Diemen is a town with a population of 26,148 people. It is located in the south of the province North Holland, southeast of Amsterdam, and within the Amsterdam Metropolitan Area. I think Diemen is the most beautiful and the most secure place to live in (especially if you are a 40-year-old well-established man with a wife and 3 kids). You can find everything in Diemen. For example a big shopping mall with all kinds of Dutch shops, such as HEMA, Blokker, Action, Albert Heijn, Etos. These shops are open 7 days a week and until the late evening, which makes life much easier. You can also find a fire station in Diemen, which is located 200 metres from my dormitory and might be handy for those of you who are still struggling with cooking. For students, who enjoy working out, there is also a nice gym just around the corner of my dormitory and a big sport centre with free football courts close to it. Unfortunately Diemen doesn’t have any places to go out, but I think I saw Domino’s Pizza hidden between some houses as well…

The very best thing of living in Diemen is not all the facilities close to my dormitory, but the view from my window. I absolutely love it! I live on the 9th floor and have never been any happier about heights. From my window I can see the best sunsets ever. Therefore I would like to recommend everyone who is going to live here, to book the highest floor that you can find.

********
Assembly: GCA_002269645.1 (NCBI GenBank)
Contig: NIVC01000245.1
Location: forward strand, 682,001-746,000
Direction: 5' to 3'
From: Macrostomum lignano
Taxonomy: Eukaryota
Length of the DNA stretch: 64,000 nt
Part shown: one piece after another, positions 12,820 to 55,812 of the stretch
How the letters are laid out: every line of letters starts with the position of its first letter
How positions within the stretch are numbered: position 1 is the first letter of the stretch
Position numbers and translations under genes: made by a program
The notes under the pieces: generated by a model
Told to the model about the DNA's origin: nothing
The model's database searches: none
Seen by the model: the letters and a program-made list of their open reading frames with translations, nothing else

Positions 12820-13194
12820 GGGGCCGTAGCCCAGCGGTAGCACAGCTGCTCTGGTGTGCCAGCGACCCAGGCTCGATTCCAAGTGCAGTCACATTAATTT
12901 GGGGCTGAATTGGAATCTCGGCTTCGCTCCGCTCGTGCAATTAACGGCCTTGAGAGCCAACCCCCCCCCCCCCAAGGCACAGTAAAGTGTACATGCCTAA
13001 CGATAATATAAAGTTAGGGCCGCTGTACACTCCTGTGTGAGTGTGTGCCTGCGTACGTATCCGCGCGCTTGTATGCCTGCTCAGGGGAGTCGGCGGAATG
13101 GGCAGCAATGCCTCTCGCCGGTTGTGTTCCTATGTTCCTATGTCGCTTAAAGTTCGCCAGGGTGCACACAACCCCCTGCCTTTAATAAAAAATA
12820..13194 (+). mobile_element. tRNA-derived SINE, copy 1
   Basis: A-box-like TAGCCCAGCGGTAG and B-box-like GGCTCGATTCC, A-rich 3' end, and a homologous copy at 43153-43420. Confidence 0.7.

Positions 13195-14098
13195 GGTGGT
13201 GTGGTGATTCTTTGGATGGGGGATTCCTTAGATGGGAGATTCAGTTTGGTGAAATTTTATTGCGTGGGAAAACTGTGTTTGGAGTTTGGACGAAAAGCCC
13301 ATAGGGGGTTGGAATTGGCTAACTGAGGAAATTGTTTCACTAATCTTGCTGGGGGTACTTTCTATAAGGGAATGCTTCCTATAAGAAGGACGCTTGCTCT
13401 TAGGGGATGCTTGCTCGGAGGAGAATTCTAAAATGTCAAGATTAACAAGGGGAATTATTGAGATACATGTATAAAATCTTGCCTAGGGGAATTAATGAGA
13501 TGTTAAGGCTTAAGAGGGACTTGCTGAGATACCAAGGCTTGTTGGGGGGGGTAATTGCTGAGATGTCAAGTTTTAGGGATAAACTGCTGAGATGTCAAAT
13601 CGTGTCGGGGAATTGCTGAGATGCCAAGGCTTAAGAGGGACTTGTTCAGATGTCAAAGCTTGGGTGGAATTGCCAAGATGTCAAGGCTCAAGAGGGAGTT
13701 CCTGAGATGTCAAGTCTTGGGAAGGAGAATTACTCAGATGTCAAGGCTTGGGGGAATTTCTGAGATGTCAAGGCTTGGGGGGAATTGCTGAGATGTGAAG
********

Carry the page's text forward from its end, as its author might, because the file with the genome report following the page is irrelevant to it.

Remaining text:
Photo by

You can go to Diemen by taking the Tram 9 in Amsterdam, which will take you along a perfect route (Central-Rembrandt-University-Diemen). During night you can take the 757 night bus. From the university it’s approximately 20 minutes to Diemen, which is not bad at all!

Of course you can also use your bike to travel between Diemen and the University. Within 25 minutes you can bike from Diemen to the University and enjoy some nice music and the silence of almost no one around. I have a lot of fun riding my bike every morning and watching 2 lamas playing around. Next to the lama’s I also see some ponies, donkeys and chickens on my way to school. It’s almost like I am living in the countryside!

Next to all the advantages of living in Diemen there are also some disadvantages. The biggest disadvantage is that it’s far away from the city centre. As a result you need to use your bike or the tram every time you leave your room.

In sum, I am happy to say that Diemen is a very beautiful place. If you are an extrovert, I would not recommend Diemen, but if you enjoy living alone and don’t like too much disruption, this the best place ever!

By Ivanna Slipets

 I hope you enjoyed reading this article, we will write some more articles about other student accommodation soon.


The moment the plane began to glide down through the clouds, I knew I had arrived in the Netherlands. I carried two large suitcases by myself, and had to transfer three times on the subway. Then I realized: I got lost in the city.